transfer of debt, linked to recoverable public advances,

The EUR 14.0 million difference is explained by the following

from the long term to short term.

movements: ➤ Long-term debts increased significantly

Research and development

(+ EUR  33.6  million), of which EUR 15.0 million is due to

In 2010, Group research and development expenditure

the long-term loan granted by the European Investment

totaled EUR 27.8 million. This has been entered directly into

Bank at the beginning of 2010 to finance R&D programs,

the profit and loss account, to which almost EUR 3 million

and EUR 20.1 million to a supplier credit granted by

in capitalized costs should be added. This considerable

Dexia Bank in connection with the Trento proton therapy

investment has enabled the Company to maintain its

project. The balance results primarily from the transfer

position as one of the world leaders in all markets in which

of other long-term debts to short-term debts. It should

it is active.

be noted that a significant part of this long-term debt is offset by a net repayment of short-term debt totaling EUR  22.6  million. ➤ Provisions and other long-term debt together decreased by EUR 19.5 million. This decrease is explained

Significant acquisitions and DIVESTMENTS realized in 2010 IBA did not conduct any significant merger and acquisition operations in 2010.

primarily by transfers made to short-term provisions EUR 87.2  million, consisting mostly of environmental

Capital increase and granting of subscription rights

provisions (EUR 54.0 million) and others linked to

Over the course of the year, the Board of Directors

pensions (EUR 24.4 million). Other long-term debts

exercised a capital increase with a waiver of shareholder

and other debt. At the end of 2010, provisions totaled

26 // IBA annuAl Report 2010


As a result, 220 864 free options were cancelled. The price

procedure.

of an option was EUR 7.8.

In September 2010, the IBA Board of Directors issued

On August 27, 2010 the Board of Directors approved the

900  000 stock options to Group employees and partners

introduction of an IBA share buy-back program in order

as part of the 2010 share option plan, of which 550 000

to neutralize the dilutive effect of share option plans. No

options were free and 350 000 payable.

shares were repurchased by IBA in 2010.

On December 16 2010, it was noted that 329 136 free options and 130 503 payable options had been subscribed.

IBA S.A. statutory accounts and appropriation of net profit/(loss) Ion Beam Applications S.A. posted sales and services of

At the Shareholders General Meeting on May 11, 2011

EUR 152.5 million in 2010, an increase of 12% on 2009’s

the Board of Directors proposed a dividend of EUR 0.15

total of EUR 136.6 million. This increase was primarily due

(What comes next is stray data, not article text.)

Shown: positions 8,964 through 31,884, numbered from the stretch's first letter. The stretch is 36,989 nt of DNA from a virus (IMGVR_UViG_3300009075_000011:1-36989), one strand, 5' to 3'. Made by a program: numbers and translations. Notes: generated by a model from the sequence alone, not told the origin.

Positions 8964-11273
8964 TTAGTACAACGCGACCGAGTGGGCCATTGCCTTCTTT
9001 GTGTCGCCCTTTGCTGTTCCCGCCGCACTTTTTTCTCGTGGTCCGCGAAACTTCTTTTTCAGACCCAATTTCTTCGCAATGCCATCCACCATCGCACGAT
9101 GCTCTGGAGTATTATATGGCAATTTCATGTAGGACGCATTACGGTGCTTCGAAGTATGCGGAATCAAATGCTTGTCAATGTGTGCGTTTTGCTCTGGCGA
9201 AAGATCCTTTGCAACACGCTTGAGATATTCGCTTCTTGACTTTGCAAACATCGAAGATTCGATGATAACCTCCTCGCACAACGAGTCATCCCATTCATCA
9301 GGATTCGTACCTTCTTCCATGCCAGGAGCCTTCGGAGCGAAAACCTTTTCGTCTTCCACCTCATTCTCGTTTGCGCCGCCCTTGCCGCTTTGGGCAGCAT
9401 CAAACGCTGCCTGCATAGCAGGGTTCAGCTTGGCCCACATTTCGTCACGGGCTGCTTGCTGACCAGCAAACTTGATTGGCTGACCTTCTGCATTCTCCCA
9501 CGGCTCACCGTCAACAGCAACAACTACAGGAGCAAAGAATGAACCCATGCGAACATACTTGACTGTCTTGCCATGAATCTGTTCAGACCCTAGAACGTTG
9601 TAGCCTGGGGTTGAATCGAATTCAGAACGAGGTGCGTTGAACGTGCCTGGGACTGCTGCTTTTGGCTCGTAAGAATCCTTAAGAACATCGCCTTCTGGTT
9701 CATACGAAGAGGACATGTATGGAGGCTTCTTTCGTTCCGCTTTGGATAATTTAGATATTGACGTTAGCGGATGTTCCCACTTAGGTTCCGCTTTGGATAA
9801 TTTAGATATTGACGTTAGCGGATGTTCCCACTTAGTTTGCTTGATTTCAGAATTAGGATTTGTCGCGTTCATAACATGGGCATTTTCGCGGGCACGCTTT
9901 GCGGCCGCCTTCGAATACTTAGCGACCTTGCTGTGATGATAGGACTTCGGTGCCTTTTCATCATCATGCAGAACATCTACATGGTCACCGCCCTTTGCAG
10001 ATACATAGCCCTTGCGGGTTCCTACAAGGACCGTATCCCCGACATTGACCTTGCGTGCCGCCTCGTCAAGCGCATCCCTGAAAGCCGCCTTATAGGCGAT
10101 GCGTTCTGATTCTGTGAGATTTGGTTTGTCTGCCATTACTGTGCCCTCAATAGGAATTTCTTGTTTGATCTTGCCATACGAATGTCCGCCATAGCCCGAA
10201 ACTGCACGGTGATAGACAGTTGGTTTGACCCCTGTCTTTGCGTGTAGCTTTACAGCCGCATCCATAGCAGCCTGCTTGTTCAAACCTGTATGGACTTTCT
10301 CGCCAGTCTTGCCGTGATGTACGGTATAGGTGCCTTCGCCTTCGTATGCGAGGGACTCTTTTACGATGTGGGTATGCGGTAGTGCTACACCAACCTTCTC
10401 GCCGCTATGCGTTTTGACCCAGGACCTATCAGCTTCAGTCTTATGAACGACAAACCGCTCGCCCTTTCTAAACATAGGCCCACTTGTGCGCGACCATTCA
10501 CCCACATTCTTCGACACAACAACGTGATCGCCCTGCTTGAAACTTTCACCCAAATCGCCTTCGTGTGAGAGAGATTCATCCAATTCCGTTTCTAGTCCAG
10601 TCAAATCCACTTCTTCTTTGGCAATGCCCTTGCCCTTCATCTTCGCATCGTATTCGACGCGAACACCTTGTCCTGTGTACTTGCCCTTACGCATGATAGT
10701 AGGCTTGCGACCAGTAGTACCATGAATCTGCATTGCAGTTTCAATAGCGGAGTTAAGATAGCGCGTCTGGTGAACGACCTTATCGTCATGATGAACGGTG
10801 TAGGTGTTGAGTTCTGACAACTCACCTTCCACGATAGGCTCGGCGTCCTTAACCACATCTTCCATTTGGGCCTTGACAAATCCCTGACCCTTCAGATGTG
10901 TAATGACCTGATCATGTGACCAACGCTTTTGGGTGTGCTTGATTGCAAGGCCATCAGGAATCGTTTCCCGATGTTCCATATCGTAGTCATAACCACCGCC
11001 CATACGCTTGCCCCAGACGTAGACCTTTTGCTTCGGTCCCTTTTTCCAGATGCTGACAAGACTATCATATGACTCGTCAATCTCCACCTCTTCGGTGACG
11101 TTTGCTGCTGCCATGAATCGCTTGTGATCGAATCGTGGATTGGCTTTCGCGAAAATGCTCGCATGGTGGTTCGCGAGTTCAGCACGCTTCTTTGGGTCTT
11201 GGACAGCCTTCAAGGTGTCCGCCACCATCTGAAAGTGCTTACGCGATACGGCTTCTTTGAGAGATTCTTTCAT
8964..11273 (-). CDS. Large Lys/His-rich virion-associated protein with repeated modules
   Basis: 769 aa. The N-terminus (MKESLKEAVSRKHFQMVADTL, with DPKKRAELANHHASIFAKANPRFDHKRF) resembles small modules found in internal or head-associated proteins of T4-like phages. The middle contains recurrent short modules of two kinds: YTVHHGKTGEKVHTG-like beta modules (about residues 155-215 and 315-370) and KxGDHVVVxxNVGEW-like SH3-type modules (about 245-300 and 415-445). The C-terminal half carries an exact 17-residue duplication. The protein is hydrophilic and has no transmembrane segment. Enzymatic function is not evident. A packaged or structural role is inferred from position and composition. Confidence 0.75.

(15  Euro cents) for 2010.

to progress on current orders. At the end of 2010, the Company owned two subsidiaries: The operating income, which had posted a loss of

in Prague, Czech Republic, and Orsay, France. These

EUR  6.8  million in 2009, recorded a profit of EUR 2.0 million

subsidiaries were formed to carry out activities in

in 2010.

connection with proton therapy.

The Company showed a net profit of EUR 15.2 million in 2010 after recording a net loss of EUR 10.9 million in 2009.

Corporate structure and governance This topic is covered fully in the « Corporate Governance,

planning to fully comply with the code as soon as it has

Management and Control » section of this annual report.

found the proper candidates.

The company has adopted the 2009 Belgian Code of

The Board meeting of March 3, 2010 which was to rule on

Corporate governance as its reference code and believes it

the change of Chairman of the Board of Directors gave rise

is in compliance with it at one exception: the composition of

to the application of the procedure stipulated in article 523

the Audit Committee.

of the Belgian Code of Company Law for cases of director

In consideration of the complementary and depth of

conflict of interest. This conflict of interest concerned

skills of the current members, the Company currently

Mr.  Peter Vermeeren who had accepted a mission to work

has only one independent member out of three instead

with Mr. Renaud Dehareng in order to prepare the new

of the majority suggested by the code. The Company is

President of the division for his new responsibilities. This

IBA annuAl Report 2010 // 27

Management report

pre-emptive rights as part of the authorized capital


conflict of interest concerned (i) the financial conditions

to the application of the procedure stipulated in article

of the mission and (ii) the change of chairmanship of the

523 of the Belgian Code of Company Law for cases

Board, due to the question of whether Mr. Vermeeren could

of director conflict of interest. This conflict of interest

carry out his duties as an independent director having

concerned all members of the Board as beneficiaries of

accepted the above mission. After deliberation, the Board

the above plan, with the exception of Ms. Nicole Destexhe

unanimously approved the nomination of Innosté S.A.,

(National Institute for Radioelements), Chairman of the

represented by Mr. Jean Stéphenne as Chairman of the

Board Mr. Jean Stéphenne (Innosté S.A.) and Chairman of

Board and Chairman of the Compensation and Nomination

the Audit Committee Mr.  Yves Windelincx (Windi S.P.R.L.)

Committees replacing Mr. Vermeeren, and the nomination of

who although they had every right to be included in the

Mr. Vermeeren as Vice-Chairman of the Board. The Board

scheme, declared that they did not wish to be beneficiaries.

also approved the nomination of Mr. Yves Windelincx as a

After deliberation, Ms.  Destexhe, Mr. Stéphenne and Mr.